I’ve been working through Jordan Peterson’s new book Beyond Order (Amazon affiliate link), breaking down each chapter into halves so I can give each a fair treatment. Although Peterson did not intend for all the chapters in the book to build on each other, this final chapter seems like a summary of many of the previous elements in the book.

That isn’t to imply that there aren’t new ideas in here. There are, and it actually presents some images that are strong and either unexplored or only trivially pursued in earlier chapters or work by Peterson. It also relies on the exploration of past concepts while moving in a new direction.

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Jordan Peterson’s Beyond Order: Do not allow yourself to become resentful, deceitful, or arrogant. (Part 4)

I’ve been working through Jordan Peterson’s new book Beyond Order (Amazon affiliate link), breaking down each chapter into halves so I can give each a fair treatment. I am splitting this chapter into three four parts because of its length, but also because I think this is such a significant topic that it deserves extra treatment.

Tonight I’m looking at the final portion of the chapter, in which Peterson talks about deceit in particular before getting into the solution to (as much as the reasons to avoid) resentment, deceit, and arrogance.

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Jordan Peterson’s Beyond Order: Do not allow yourself to become resentful, deceitful, or arrogant. (Part 3)

I’ve been working through Jordan Peterson’s new book Beyond Order (Amazon affiliate link), breaking down each chapter into halves so I can give each a fair treatment. I am splitting this chapter into three four parts because of its length, but also because I think this is such a significant topic that it deserves extra treatment.

This particular section focuses on two things: the role of the individual (and the two orientations that they often fall into–the hero and the adversary), and the way to avoid resentment. While I am only looking at a very short length of the book (I am reading on Kindle, but it is probably less than ten pages worth of print), I think it might be the most important part.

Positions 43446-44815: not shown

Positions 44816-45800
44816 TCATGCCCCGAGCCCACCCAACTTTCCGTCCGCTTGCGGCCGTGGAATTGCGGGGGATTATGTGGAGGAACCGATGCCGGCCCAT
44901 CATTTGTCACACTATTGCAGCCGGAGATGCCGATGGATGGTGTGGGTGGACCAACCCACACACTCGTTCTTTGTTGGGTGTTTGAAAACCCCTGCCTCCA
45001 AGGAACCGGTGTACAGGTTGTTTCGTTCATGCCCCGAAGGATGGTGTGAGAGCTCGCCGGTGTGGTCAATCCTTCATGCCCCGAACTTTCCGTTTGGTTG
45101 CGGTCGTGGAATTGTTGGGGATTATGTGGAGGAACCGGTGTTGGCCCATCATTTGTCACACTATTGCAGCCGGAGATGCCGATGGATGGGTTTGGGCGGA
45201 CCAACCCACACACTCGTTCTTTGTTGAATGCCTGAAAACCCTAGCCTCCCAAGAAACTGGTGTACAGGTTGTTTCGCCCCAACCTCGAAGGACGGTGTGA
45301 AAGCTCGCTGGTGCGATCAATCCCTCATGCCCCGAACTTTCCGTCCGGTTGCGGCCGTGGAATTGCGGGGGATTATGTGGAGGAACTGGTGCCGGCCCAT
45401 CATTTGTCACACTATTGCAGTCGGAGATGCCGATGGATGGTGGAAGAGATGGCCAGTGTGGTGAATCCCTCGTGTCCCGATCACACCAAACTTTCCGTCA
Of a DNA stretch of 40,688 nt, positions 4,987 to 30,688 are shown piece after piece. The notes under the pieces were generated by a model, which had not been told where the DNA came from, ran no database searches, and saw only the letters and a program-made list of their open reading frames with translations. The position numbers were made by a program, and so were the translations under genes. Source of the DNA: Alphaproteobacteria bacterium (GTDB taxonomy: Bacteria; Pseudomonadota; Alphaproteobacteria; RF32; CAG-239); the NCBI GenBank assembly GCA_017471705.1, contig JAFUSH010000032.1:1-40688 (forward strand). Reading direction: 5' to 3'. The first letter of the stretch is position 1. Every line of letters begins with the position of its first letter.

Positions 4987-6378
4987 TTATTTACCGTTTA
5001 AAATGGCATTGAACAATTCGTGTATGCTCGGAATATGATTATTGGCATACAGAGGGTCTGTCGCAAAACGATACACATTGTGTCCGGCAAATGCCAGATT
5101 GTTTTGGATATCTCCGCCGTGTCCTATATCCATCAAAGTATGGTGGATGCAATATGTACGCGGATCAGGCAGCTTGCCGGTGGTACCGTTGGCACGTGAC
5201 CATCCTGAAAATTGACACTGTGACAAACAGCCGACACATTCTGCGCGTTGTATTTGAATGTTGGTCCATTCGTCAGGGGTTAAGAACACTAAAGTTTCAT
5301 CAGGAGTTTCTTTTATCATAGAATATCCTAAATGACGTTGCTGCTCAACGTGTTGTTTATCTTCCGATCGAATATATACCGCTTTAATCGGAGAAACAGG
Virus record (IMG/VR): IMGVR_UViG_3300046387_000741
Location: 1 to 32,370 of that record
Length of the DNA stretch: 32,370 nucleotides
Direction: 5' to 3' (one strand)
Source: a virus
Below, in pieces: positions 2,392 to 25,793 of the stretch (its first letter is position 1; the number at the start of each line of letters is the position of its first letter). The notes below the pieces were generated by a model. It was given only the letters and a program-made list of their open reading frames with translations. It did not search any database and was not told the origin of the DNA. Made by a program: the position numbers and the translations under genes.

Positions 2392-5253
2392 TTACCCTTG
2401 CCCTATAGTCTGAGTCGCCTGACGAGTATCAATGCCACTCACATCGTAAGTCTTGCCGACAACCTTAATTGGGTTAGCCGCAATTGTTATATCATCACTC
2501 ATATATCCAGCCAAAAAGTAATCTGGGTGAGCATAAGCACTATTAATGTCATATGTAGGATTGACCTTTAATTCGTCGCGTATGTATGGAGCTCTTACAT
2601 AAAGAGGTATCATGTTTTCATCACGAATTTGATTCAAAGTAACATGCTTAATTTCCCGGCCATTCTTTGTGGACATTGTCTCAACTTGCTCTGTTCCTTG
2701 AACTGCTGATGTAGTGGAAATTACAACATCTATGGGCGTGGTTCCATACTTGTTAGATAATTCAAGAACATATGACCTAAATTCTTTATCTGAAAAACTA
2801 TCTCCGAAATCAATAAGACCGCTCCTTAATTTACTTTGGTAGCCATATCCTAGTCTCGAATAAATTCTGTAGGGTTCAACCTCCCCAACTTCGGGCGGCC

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Jordan Peterson’s Beyond Order: Do not allow yourself to become resentful, deceitful, or arrogant. (Part 2)

I’ve been working through Jordan Peterson’s new book Beyond Order (Amazon affiliate link), breaking down each chapter into halves so I can give each a fair treatment. I am splitting this chapter into three parts because of its length, but also because I think this is such a significant topic that it deserves extra treatment.

This section of the chapter relates to the premise only in an abstract sense, but deals with figuring out how to deal with the world in a way that prevents bitterness.

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Against Surrender

I’ve been pushing my writing too far back into my bedtime, and that makes things hard because I want to continue through my series of reflections on Jordan Peterson’s Beyond Order but I also don’t want to miss things as I go through.

Although I think I’m still coherent enough to communicate my thoughts, I don’t think there’s enough time left in the day to touch on that, so instead I’m going to write down something that has been on my mind recently.

I hate compromise.